Jack of all Trades and Master of None…

Hello folks.  This afternoon, I thought that I would take a moment to talk about mental health.  We all have it, and we all experience it, good or bad.  My own life’s experiences, quite scarily, amount to a quarter of a century’s worth.  And when I look at my statistic in this way, it sounds extremely bleak.  Whilst I can only comment in depth on my personal backstory, this doesn’t mean I don’t have the ability to listen to the backstories of others.  I have oodles of empathy, and have often been a sounding board for others to share their innermost thoughts.

For those who don’t know me, my mental health deteriorated when I was 18.  I had been at university for approximately two weeks, and I was completely unaware as to how my life was falling apart at the seams.  And, sadly, my health had declined so much that it led to my first hospital admission.  My friends rallied round, visiting me in hospital.  My family was completely and utterly baffled as to why I had been diagnosed as having manic-depression, or, as it’s known today, having Bipolar Mood Affective Disorder.  It took years for me to accept that I had this condition, which is, lifelong.  And even longer to adjust to the fact that I would have to take medication for the rest of my life.  My ambitions of being a journalist were washed away with pills to cure my ills.  I have regular flashbacks to my first episode, and of subsequent episodes, and they are not pleasant at all.

My life seemed to spontaneously combust whenever I started a new qualification or course.  There were days when I thought that I would never hold down a full-time job, or move out of my parental home.  Whilst my friends gained their degrees and went onto find their dream job roles, I had to forge a different path for myself and get qualified in other ways.  I did this by volunteering for many different organisations, and taking advantage of free education whenever I could.  I have completed many courses successfully, however, there are so many more that I had to give up.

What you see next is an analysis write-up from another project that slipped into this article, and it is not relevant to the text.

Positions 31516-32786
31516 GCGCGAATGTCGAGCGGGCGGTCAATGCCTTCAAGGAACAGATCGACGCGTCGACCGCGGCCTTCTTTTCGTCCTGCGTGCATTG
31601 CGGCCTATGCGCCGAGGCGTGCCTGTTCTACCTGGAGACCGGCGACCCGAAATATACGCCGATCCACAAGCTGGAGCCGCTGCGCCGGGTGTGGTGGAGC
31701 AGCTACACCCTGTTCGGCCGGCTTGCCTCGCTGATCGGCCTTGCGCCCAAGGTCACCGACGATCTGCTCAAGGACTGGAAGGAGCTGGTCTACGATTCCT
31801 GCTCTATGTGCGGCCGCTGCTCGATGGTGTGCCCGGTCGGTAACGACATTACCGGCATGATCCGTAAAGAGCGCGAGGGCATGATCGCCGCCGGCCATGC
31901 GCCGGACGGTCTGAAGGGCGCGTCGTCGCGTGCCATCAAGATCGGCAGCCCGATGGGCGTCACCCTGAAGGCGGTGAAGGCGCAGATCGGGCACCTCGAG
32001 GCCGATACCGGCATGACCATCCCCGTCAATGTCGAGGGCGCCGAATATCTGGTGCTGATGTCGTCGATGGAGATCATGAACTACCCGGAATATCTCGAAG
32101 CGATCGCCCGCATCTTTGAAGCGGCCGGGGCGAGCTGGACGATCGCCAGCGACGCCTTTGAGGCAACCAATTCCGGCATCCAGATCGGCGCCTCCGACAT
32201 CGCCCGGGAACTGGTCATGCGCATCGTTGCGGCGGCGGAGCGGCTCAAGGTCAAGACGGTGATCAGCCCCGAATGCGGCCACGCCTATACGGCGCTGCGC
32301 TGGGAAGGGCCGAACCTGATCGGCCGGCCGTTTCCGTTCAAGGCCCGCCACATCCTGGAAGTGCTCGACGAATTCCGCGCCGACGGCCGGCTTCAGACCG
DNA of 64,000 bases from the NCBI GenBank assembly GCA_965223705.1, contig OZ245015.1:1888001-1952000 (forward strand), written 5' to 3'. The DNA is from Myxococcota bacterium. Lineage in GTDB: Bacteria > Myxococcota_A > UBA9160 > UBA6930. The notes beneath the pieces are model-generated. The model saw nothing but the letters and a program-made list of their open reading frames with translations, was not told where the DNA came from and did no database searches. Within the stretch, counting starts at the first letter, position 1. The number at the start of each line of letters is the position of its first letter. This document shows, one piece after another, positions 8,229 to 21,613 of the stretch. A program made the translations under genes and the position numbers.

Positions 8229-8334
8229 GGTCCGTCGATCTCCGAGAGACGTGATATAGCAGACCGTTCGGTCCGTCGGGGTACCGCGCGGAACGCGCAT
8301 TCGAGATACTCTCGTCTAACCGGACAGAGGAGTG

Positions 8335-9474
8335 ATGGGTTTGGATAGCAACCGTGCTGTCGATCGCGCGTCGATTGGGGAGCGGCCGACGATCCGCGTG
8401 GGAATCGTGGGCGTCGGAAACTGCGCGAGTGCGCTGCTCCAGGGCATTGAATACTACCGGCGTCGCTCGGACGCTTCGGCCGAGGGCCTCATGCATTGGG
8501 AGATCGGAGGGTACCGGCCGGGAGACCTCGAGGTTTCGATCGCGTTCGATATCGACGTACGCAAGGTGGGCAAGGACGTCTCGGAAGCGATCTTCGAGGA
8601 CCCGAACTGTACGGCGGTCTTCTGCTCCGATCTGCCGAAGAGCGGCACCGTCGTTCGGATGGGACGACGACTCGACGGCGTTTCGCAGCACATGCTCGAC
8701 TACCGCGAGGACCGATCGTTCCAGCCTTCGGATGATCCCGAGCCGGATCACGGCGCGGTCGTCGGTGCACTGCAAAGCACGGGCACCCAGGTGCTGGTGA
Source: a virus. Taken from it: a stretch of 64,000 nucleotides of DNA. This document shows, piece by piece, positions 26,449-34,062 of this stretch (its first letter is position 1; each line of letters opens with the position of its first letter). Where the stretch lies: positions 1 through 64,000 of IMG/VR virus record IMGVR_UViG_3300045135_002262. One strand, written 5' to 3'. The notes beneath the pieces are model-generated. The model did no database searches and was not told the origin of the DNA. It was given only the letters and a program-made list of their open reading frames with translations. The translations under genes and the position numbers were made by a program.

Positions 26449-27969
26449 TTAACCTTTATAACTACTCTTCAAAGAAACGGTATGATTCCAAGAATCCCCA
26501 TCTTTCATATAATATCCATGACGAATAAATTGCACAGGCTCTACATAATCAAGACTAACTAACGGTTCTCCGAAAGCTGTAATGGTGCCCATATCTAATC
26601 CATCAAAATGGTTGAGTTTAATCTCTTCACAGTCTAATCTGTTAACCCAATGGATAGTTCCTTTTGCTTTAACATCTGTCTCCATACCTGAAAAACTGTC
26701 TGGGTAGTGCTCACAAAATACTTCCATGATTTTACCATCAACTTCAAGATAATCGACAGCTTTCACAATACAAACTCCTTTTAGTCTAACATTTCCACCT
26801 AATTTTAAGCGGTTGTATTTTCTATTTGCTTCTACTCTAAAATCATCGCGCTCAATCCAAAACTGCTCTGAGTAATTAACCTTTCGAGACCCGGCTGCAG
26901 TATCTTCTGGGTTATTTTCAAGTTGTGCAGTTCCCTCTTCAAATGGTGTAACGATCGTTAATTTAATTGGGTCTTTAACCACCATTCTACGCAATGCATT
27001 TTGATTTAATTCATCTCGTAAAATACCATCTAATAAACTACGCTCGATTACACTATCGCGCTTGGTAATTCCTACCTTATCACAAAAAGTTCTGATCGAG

At the age of 24, I started my first full-time job, and at the age of 37, I gave up full-time work.  I was completely burnt out with the 9-5 regime; and for the first time in a long time, I wanted to my put my own needs first.  It didn’t work out exactly as I planned.  I lost a relationship, my home, and my dog in the space of a few short months.  But more than that, I lost my sanity, again.  Whilst I have had no manic relapses for over three years, I still suffer anxiety, low mood and depression.  I have been in a secure and loving relationship for over two years now, but, it has been difficult for me to move on from the trauma I experienced and work through the trust issues that I was left with.  Recovery has taken its time.

We all have our different coping mechanisms and strategies; for me, it’s in the form of counselling or group therapy.  Last October, I finished a CBT workshop, that focused on anxiety and stress.  It has helped enormously with the psychological issues I was trying to deal with on my own.  I often return to its session handouts to work out things that are worrying me at the moment.  Two weeks ago, I started taking a beta blocker, to help with the physical symptoms of anxiety.  And, they have really made a difference.  My insomnia has reduced and I feel calmer within myself.

Having a mental health issue, is like having a deep war wound or scar from life’s battles, which has to be cleansed regularly.  The first step towards healing yourself, is to talk to someone about how you are feeling, allowing them to help you in the best way that they can.   This may be a family member, close friend or a work colleague that you trust.  Whatever you do, don’t suffer in silence, as it seriously isn’t worth it.  Let the tears fall, but remember, that there will be happy times and laughter again.  I guarantee it.

Take care tiddlypeeps x x x